Wednesday, September 30, 2009

When Good Pairs Go Bad

Keeping with my oft voiced analogy of trading and gold mining, you sometimes you find nuggets in unexpected places (and you also find Fool's Gold). Case in point . . today's post.
In my continuing exploration for high correlation Qs pairs I ran the Qs against the major commodity ETFs.
The results, unfortunately, are not encouraging for supplementing my current Qs pairs arsenal.
However, a quick look at the upper matrix will show that the majority of the 90% linearity correlations are linked to a single ETF. . . JJT. Now this looks promising. . . .

If we optimize JJT pairs opportunities in the larger pairs universe there appear to be some very high probability correlated and non-correlated linkages. These various pairs also offer a variety of lookback (N) periods and minimal drawdowns. So far, we're looking good.
But before going any further I've got to warn you that more than a few of these ETFs have pathetic volume, wide spreads and little or no open interest in the options. the REALLY bad news. These JJT pairs are utterly untradeable.
JJT's volume is low to none and the bid/ask spreads will take your breath away.
Forget about the JJT pairs for a moment . . . if you could just sell JJT at the ask and buy at the bid (or anything even close) you'd be very rich very quickly and be able to hang out with the glitterati in Monaco.
Likelihood of such a scenario? Sorry . . . Zip.
The lesson to be learned here is that all pairs have to be carefully deconstructed and evaluated with a variety of metrics to provide the greatest probability of real trading success.
Simply relying on high readings of linearity correlation and P&L is not enough.
On the other hand, there do appear to be a few robust trading pair candidates culled from the commodities matrix that offer some reasonable prospects.
We'll check out one of those tomorrow as the Qs basket devlopment continues.


Kristianson said...


How do you allocate your cash to
your trades? Do you do a dollar neutral or using the beta approach? You have to be very careful with some pairs if you are testing the leveraged versions as this could could look extremely good on back testing in terms of total return, and spreads and execution may be tight as well, but it may be too much volatility to stomach.

I just played with the FAS/GE spread the other day and had a quite rough time shorting FAS (as suggested by the system). I had a dollar neutral exposure, but did not realize (my stupidity of not looking at the beta that showed +3.5, i.e FAS is moving 3.5 times as much as GE). So being short FAS when it close up 10% for the day can be hair raising. Now this managed to open up lower the next day and sell off so I managed with some skill (I must pat myself on my back) and get out of FAS short early on and keep GE long to move up a bit after initial sell off and reduce my loss. In any case, I think it is important to also understand what you are trading and not be blinded by the total returns. This may have nothing to do with your excellent analysis in this case, however I just wanted to write about my personal experience.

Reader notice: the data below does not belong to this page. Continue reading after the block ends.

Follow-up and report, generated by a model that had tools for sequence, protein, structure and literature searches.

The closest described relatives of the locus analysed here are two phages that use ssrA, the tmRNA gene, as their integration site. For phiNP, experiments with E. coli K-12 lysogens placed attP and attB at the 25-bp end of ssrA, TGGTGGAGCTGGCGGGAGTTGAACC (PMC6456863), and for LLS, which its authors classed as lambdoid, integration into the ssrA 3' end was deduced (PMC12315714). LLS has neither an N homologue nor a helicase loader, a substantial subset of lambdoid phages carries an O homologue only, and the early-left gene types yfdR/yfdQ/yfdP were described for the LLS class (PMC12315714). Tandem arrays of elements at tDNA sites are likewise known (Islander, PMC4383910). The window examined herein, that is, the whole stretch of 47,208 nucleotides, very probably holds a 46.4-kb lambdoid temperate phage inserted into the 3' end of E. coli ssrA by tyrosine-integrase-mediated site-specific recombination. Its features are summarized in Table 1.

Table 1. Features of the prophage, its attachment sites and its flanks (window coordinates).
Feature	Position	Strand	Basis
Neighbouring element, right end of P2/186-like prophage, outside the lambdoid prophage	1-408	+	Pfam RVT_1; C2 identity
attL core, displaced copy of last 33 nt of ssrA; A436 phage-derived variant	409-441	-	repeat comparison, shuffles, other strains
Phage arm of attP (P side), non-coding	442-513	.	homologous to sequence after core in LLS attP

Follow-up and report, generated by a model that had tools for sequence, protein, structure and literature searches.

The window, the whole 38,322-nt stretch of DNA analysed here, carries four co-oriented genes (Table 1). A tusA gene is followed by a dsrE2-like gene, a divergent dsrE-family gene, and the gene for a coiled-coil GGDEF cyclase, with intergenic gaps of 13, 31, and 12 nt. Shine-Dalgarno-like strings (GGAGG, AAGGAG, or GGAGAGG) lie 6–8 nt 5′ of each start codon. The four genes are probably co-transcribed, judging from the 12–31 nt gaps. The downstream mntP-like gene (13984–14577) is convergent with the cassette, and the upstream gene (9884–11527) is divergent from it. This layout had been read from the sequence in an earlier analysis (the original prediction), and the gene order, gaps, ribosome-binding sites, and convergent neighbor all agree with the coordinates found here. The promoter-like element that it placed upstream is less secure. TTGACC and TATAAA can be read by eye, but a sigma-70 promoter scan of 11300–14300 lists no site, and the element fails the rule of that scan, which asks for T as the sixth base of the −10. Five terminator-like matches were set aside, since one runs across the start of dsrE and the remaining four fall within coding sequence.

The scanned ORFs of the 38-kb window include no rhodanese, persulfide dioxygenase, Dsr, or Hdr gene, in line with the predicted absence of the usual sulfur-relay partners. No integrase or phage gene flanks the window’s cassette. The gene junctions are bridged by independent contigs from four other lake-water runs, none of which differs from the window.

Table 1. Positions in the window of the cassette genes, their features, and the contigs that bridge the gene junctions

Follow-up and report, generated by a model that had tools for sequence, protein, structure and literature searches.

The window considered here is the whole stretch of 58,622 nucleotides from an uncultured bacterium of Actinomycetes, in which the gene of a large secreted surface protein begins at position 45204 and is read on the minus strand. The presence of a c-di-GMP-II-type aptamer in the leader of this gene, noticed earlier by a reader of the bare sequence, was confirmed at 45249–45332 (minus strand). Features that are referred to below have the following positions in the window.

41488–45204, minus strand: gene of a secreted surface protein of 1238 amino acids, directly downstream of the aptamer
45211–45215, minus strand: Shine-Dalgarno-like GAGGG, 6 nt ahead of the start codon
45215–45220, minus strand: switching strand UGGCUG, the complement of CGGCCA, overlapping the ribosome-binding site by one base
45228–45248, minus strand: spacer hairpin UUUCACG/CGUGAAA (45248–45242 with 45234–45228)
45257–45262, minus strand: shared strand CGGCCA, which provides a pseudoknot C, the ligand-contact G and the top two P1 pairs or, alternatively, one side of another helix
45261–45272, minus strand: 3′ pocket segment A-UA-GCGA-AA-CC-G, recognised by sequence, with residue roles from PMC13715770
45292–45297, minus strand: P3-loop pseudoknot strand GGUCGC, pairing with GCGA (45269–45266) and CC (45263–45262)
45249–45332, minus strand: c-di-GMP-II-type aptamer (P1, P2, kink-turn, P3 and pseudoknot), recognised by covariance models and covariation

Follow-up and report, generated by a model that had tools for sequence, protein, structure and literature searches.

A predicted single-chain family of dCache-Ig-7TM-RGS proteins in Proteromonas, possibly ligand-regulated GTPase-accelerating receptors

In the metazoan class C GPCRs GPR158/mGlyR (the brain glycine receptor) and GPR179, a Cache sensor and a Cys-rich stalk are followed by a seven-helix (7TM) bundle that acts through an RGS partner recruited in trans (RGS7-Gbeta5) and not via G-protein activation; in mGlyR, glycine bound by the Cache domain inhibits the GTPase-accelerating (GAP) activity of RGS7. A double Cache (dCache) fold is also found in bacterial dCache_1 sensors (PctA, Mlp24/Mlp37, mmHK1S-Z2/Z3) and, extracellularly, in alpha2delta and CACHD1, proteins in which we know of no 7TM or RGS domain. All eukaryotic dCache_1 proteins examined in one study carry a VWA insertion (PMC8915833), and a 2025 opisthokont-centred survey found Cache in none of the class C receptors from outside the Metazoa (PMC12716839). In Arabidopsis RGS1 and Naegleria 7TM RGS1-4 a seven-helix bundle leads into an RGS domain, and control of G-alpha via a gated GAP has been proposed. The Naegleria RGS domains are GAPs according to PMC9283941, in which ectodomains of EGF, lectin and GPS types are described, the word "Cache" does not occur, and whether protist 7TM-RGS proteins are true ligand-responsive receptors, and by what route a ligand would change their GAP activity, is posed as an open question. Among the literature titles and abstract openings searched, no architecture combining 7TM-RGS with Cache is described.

bzbtrader said...

Excellent observations (and recovery) and greatly appreciated.
I have to caution readers that these pairs studies are exploratory in nature and not definitive or a recommendation to trade specific setups.
I have only been running these pair studies for a month with the stated goal of developing a set of pairs baskets to corral risk and miminize drawdown (my most important trading considerations).
We've touched on the issue of beta previously (briefly) but your experience and willingness to describe in detail how an unbalanced beta trade played out is a valuable lesson to be seriously heeded.

bzbtrader said...

I also not that the GE/FAS pair P&L line crossed below the R2 back on 8/1, suggesting that caution was warranted in going forward with any new trades in this pair.
One of the projects I'm exploring with Jeff is the evolution of the Pairs Trader into a robust real time platform using 5, 10 or 60 (or 65) minute bars. Still a ways
off, but such a fractal pairs model would introduce a whole new set of trading dynamics and risk management tools.

QuantWizards said...

A fractal model, as you say, would be possible to construct using, say IB feed. If there is enough interest in this that would be an interesting road to pursue. Again, be careful with those levered ETFs/ too much beta disparity!